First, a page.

Cartilage is made up of protein and acts as a cushion, in between the bones at the joints. Degeneration and loss of cartilage at the joints is called “Osteoarthritis” or “Degenerative arthritis.” It happens at the hands, feet, spine, hips and knees. If the cause is unknown, it is called “Primary arthritis”. It can be attributed to aging and heredity. As age increases, the protein content in the cartilage decreases and the water percentage increases. Use of the joints upsets and inflames the cartilage. Joint pain and swelling is experienced. Finally, the cartilage breaks down into flakes. Gradually, the cartilage disappears totally leading to friction between the bones. This causes joint pain and decreases movement. If the cause can be determined, the case is called “Secondary arthritis.” The various causes are obesity, trauma, abnormal joints at birth, diabetes, gout and chronic trauma. Excessive weight is the second leading cause, after aging, for osteoarthritis of the knees. It raises the stress on the cartilage. Repetitive shocks to the joints (eg. Knees of football players) also lead to osteoarthritis. In gout, Uric acid crystals and in pseudogout, Calcium Pyrophosphate crystals lead to deterioration of cartilage. Some have irregular joints from birth which are susceptible to wear and tear and early breakdown of cartilage. Diabetes and hormone disorders also lead to osteoarthritis.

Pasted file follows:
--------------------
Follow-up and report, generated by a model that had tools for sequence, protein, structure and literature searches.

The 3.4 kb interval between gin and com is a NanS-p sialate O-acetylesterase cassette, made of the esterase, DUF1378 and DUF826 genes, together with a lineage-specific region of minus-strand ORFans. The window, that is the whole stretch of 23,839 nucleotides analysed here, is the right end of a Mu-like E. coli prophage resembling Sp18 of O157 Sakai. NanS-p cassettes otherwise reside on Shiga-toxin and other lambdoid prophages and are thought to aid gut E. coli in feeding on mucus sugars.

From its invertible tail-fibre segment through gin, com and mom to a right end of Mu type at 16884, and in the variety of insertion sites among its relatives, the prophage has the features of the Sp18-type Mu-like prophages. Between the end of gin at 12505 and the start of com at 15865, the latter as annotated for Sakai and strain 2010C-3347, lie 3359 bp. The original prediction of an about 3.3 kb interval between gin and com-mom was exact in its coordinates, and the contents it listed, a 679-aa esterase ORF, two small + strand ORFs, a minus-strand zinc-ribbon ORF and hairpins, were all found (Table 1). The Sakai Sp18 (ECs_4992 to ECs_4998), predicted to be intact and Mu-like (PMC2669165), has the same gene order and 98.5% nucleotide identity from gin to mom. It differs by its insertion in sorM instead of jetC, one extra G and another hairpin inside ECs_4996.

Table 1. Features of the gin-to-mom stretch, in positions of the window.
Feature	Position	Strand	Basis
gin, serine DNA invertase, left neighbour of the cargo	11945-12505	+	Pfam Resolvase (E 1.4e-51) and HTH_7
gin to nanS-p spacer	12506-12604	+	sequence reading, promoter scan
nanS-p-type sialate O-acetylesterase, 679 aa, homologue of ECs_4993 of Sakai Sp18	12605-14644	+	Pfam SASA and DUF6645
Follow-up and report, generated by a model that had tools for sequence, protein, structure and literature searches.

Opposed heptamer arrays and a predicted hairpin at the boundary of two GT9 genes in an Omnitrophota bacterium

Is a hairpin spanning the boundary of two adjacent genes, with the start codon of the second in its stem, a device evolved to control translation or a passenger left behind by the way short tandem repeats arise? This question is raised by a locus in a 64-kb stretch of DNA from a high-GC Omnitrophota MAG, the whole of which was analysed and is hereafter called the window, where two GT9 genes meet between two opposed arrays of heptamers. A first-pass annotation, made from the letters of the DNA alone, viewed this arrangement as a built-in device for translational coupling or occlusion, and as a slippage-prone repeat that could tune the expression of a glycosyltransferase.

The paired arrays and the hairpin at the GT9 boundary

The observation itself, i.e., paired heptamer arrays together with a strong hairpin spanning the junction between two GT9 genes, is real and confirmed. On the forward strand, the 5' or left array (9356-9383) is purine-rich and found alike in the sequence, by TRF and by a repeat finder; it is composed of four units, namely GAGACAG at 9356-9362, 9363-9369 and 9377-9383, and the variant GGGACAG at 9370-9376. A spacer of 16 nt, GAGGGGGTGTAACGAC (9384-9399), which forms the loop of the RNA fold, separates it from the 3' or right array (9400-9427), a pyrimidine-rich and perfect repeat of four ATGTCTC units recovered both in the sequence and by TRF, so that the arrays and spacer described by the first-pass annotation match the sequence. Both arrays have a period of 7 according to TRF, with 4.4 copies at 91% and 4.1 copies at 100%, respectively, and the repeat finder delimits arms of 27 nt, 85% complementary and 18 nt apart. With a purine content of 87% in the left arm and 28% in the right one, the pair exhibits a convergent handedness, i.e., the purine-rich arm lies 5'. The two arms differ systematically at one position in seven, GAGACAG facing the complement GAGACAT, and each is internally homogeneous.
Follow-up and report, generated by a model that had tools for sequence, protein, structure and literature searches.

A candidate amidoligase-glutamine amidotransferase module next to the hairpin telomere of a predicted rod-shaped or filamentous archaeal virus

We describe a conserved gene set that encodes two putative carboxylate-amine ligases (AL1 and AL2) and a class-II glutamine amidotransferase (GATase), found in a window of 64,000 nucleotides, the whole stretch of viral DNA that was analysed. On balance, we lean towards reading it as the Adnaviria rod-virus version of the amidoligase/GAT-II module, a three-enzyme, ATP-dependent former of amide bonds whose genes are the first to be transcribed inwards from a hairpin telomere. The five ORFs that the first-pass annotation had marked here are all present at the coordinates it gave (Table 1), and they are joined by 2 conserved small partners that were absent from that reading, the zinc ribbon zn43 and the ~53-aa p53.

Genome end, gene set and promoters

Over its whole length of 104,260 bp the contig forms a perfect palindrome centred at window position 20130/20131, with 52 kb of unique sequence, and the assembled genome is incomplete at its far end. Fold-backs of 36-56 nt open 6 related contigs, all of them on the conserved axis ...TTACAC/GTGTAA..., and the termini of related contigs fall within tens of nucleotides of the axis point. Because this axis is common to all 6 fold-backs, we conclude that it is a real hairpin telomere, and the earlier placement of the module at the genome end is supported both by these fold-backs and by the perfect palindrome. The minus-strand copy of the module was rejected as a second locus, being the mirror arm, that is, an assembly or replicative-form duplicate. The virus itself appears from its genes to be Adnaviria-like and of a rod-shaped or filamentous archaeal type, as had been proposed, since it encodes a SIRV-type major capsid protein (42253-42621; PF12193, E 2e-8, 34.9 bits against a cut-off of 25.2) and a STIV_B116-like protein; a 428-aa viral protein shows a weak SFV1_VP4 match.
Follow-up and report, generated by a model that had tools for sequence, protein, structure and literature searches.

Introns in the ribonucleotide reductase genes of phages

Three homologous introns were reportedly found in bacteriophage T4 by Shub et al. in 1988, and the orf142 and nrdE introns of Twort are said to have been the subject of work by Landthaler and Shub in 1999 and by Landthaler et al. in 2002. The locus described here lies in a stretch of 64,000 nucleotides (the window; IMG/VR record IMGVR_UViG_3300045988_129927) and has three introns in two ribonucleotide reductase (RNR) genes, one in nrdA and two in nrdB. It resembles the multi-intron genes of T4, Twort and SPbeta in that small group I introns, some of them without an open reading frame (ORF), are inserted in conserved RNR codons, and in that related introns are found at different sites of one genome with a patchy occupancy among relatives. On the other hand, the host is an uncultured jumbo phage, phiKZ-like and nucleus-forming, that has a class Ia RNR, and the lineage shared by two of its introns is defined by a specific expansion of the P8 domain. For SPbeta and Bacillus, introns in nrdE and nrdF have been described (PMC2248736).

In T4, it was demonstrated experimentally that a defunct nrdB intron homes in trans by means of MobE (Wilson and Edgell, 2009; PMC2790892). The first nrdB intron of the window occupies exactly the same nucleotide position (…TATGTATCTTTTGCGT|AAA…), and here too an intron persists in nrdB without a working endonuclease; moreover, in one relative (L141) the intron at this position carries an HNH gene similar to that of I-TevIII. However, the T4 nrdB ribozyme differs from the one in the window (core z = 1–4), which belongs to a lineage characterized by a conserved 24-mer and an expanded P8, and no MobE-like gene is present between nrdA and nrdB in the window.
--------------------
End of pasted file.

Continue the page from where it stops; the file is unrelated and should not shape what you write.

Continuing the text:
Osteoarthritis can be detected by an X-ray. Disappearance of the space between bones of a joint and appearance of bone spurs indicate the disease. Arthrocentesis implies analysis of the joint fluid using a sterile needle. It is useful to detect gout and infection. Arthroscopy implies insertion of a viewing tube in the joint space. Irregularities and breakdown of the cartilage is detected and may be repaired by using an arthroscope. A comprehensive study of the location, duration and features of the joint is necessary for diagnosis.
Exercise, when performed aptly, reinforces the muscles around the joints. It enhances joint movement and reduces weight. Application of heat before exercise and of cold packs after exercise helps to assuage inflammation. Swimming, Walking and Stationary cycling are recommended. Other remedies include taking pain killers (like aspirin and Tylenol), using mechanical support devices, surgery and avoiding activities which could stress the joint.